Washington: Using fruit flies as a traumatic brain injury (TBI) model may help researchers identify important genes and pathways that promote the repair of and minimise damage to the nervous system, a new study suggests.
"Fruit flies actually have a very complex nervous system," said Kim Finley from San Diego State University (SDSU) in the US. "They are also an incredible model system that has been used for over 100 years for genetic studies, and more recently to understand the genes that maintain a healthy brain," said Finley.
In humans, changes in mood, headaches and sleep problems are just a few of the possible symptoms associated with suffering mild TBI, researchers said.
The timeline for these symptoms can vary greatly - some people experience them immediately following injury, while others may develop problems many years after, they said. According to Finley, because fruit flies grow old quickly, observing them allows researchers to rapidly study the long-term consequences of traumatic brain injury.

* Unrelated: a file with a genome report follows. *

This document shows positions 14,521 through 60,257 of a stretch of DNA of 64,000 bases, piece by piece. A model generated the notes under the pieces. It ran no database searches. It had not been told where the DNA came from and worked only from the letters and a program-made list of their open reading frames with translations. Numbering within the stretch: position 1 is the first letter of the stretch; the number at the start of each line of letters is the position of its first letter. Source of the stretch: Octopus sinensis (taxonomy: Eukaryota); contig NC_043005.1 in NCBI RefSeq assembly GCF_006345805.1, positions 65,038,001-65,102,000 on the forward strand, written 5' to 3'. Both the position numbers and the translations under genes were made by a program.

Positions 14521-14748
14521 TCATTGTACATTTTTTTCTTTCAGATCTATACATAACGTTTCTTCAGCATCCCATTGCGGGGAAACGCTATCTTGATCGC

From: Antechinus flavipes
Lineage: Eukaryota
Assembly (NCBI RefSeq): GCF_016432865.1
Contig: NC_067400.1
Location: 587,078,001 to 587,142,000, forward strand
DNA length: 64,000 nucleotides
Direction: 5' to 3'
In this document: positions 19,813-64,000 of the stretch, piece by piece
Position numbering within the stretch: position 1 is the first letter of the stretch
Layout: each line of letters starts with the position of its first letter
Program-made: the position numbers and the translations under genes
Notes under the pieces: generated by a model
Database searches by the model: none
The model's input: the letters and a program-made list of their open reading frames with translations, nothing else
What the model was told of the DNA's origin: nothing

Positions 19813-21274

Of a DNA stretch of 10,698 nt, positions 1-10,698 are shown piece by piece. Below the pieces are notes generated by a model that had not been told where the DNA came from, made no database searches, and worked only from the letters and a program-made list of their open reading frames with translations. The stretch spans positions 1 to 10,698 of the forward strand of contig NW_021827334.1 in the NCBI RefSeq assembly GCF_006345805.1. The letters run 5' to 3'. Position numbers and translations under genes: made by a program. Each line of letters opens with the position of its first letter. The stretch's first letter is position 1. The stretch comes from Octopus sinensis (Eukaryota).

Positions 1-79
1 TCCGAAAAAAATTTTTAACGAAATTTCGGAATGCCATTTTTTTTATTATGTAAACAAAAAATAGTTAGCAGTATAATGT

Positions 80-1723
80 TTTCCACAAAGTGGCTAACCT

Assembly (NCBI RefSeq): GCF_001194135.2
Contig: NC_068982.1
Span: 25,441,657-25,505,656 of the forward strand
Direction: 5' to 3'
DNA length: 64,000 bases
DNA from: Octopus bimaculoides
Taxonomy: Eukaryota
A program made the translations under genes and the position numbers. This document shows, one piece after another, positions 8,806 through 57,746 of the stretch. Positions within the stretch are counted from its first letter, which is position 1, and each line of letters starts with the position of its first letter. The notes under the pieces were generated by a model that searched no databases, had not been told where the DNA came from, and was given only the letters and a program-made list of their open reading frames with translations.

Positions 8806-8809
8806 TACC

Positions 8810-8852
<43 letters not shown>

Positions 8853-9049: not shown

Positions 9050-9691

"Traits that might take 40 years to develop in people can occur in flies within two weeks," she said. To test whether flies can be used to model traumatic
brain injuries, researchers used an automated system to vigorously shake and traumatise thousands of fruit flies. "Fruit flies come out of this mild trauma and appear perfectly normal," said Eric Ratliff from SDSU.
"However, the flies quickly begin to show signs of decline, similar to problems found in people who have been exposed to head injuries," he said. In the study, injured fruit flies showed damage to neurons within the brain, as well as an accumulation of a protein called hyper-phosphorylated Tau, a hallmark feature of
chronic traumatic encephalopathy (CTE), researchers said.
Injured flies also began to experience insomnia and their normal sleep patterns deteriorated. The results suggest that studying traumatic injury in fruit flies may uncover genetic and cellular factors that can improve the brain's resilience
to injuries, they said. "It is really a unique model. We have developed it to be
reliable, inexpensive and fast," said Finley. TBIs occur most frequently from falling, but can also result from military combat, car accidents, contact sports or domestic abuse, researchers said. The findings were published in the journal Nature Scientific Reports.